Avoid: arguing or giving in. Break the cycle before disciplining.

Redirect:  Keep  your  cool.  Be  kind  and  firm.  Use bottom  line  limits  and  offer  choices  one  last  time. Decide what you will do, not what you’ll make child do. Disengage, emotionally and/or physically. Use prevention skills above.




Positive  belief:  “Good  deeds  deserve  repayment.”
Negative  belief:  “I  must  hurt  others  who  hurt me.”
Reinforce positive/prevent negative:
Use  listening  and communication  to  avoid  hurting  feelings.  Teach  assertive,  respectful conflict resolution skills.
Identify  the  goal  of  revenge:
I  feel  .  .  . Hurt,  physically  or  emotionally.  Disappointed,  disbelief,  disgusted.
I’m  tempted  to  .  .  .  Show  hurt  or  hurt  back.“How could you do this to me?”
If  I  do  .  .  . showing  hurt  gives  a  payoff.  Retaliation escalates revenge cycle.
Avoid:  Hurting  back  or  showing  hurt.  Break  cycle before disciplining.

Redirect:  Disengage.  Cool  off.  Rebuild  trust.  Acknowledge child’s  hurt  first, before addressing  revengeful behavior. Brainstorm acceptable anger alternatives. Suggest child make amends for hurt. Use prevention  tools  above.




Positive belief: Withdrawal. “I can avoid conflict when it’s healthy to do so.” “I want reassurance.”
Negative belief: “I don’t belong because I’m incompetent.” “Don’t expect anything from me.”
Reinforce positive/prevent negative: Describe any effort or improvement. Teach skills.
Identify the goal of giving up:
I  feel  .  .  .  Frustrated, discouraged,
I’m tempted to . . . Help, rescue, praise, give up, expect less.
If I do . . .  Rescuing gives a payoff for giving up. Praise and  pressure escalates. Child feels more incompetent and fails to respond.
Avoid: Praises, all criticism and comparisons. Don’t rescue, give up, or pity.

Redirect:  Break task into smaller parts. Focus on any effort or improvement, no matter how small. Express faith in abilities. Use problem-solving. Use prevention tools above.

Permission for reader to reprint this page for personal use only granted by author, Jody Johnston Pawel, LSW, The Parent’s Toolshop, © 2000.


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(Detailed answers are at the end of the chapter.)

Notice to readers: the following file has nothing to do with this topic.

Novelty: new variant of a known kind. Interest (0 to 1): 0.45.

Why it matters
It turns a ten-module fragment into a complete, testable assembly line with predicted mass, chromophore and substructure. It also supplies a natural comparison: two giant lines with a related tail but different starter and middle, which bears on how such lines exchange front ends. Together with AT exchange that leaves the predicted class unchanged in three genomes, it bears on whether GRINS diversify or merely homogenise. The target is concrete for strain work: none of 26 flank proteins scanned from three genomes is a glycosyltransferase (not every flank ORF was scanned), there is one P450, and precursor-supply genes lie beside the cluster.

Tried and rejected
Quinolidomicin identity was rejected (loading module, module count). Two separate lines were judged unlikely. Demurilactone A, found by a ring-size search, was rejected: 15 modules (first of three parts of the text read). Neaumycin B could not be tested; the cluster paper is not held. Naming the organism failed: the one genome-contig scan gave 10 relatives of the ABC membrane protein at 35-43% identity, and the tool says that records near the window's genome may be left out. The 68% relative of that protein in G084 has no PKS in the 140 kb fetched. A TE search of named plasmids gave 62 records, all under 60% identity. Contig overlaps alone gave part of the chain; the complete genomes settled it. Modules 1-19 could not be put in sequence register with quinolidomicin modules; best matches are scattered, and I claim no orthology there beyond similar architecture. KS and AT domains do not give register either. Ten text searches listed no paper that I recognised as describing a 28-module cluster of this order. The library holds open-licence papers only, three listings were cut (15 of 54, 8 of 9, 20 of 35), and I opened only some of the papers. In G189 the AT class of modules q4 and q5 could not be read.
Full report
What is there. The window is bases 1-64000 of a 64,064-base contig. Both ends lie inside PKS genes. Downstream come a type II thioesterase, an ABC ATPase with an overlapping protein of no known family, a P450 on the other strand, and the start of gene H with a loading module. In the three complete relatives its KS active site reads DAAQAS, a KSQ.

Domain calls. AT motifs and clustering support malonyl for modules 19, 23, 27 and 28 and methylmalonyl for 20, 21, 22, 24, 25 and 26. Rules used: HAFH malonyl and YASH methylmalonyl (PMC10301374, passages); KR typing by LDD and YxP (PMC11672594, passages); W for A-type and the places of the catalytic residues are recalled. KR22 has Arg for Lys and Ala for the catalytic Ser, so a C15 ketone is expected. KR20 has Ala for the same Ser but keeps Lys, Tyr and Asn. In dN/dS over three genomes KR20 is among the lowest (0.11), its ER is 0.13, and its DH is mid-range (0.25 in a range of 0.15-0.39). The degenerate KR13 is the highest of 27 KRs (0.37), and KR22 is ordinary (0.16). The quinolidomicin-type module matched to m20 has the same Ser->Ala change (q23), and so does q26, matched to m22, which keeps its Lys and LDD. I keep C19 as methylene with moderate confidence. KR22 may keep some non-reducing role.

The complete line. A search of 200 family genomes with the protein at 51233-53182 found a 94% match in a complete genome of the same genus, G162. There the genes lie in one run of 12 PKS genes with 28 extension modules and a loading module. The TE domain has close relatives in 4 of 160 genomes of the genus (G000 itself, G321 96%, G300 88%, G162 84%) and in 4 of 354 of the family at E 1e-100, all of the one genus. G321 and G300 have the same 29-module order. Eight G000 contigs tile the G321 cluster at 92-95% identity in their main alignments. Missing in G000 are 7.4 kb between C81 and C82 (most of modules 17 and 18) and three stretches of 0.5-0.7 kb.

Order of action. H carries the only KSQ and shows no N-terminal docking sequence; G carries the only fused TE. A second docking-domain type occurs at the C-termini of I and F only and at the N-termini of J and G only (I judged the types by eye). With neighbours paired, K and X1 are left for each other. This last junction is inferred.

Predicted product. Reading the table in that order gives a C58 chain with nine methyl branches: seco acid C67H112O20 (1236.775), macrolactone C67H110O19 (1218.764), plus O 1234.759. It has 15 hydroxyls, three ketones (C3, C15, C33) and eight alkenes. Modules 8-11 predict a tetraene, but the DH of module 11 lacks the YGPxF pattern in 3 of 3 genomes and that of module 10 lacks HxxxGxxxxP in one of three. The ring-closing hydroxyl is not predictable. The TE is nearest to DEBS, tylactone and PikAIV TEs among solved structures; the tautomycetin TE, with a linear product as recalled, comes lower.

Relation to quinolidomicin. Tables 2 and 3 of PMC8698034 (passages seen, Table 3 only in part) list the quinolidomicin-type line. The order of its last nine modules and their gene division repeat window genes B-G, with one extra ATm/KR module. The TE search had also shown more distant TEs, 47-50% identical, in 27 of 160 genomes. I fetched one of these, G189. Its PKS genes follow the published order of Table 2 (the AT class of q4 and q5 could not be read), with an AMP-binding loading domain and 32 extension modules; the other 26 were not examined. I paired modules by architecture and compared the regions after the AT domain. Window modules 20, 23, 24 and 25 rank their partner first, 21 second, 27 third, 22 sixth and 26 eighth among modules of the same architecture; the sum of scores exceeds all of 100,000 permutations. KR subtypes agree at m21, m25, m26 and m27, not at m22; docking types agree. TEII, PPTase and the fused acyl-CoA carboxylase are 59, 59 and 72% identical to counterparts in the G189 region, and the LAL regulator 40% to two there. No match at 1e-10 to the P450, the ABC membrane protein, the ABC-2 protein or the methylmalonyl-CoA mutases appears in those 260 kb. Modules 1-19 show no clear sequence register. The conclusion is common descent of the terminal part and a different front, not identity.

A. Identifying Positive Goals. Each of the following situations is an example of a child using positive behavior to meet a positive goal of behavior. Write the letter of the positive goal in the left column next to the most appropriate example in the right column. 

a. Involvement/Recognition

b. Independence

c. Justice/Fairness

d. Withdrawal from conflict 

____1. Bonnie’s mother bought her a new outfit as a surprise, so tonight she washes the supper dishes and cleans the kitchen floor as a surprise to her mother.

____2. Katie, 5, shows her Dad a picture she colored.

____3. George, 5, is playing with his little sister, who’s two-years-old. When she grabs the blocks he is playing with, he just uses what’s left. He doesn’t say anything and lets her play with the blocks she took.

____4. Toby, 17, saved his money for a used bike. He purchased a broken bike for half the cost of most bikes. He wants to fix it himself, as a hobby. How can this behavior give the child more attention? 

B . One Behavior, More than One Goal? Each of the following behaviors can serve more than one of the four goals of behavior: Attention, Power, Revenge, or Giving up. Explain how the behavior serves each purpose. Hint: Some don’t serve all four purposes. Just write “n/a” if it does not apply.

1.    Refusing to talk (not a shy personality trait).

How can this behavior give the child more power?
How can this behavior help the child seek revenge?
How can this behavior show the child has given up?

2.    Running away.

How can this behavior give the child more attention?
How can this behavior give the child more power?
How can this behavior help the child seek revenge?
How can this behavior show the child has given up?

3.    Boredom, “I don’t have anything to do.”

How can this behavior give the child more attention?
How can this behavior give the child more power?
How can this behavior help the child seek revenge?
How can this behavior show the child has given up?

C. Identifying and Responding to Negative Goals. In each of the following situations, use the PO a-b-c process to identify the goal. Suggest ways to prevent the misbehavior and redirect it.

  1.   Chelsea, 4, was told she had to play with a girl who came to visit with her mother. She does not like this girl. Chelsea tricked the girl into letting her paint her from head to toe. Now Chelsea has locked herself in the bathroom. She won’t come out because she is sure she’ll get punished.

What is the purpose behind Chelsea painting the girl? 
Is there more than one goal involved?
What is Chelsea’s motive for hiding in the bathroom?
How could her mother have prevented this from happening?
How can her mother respond helpfully?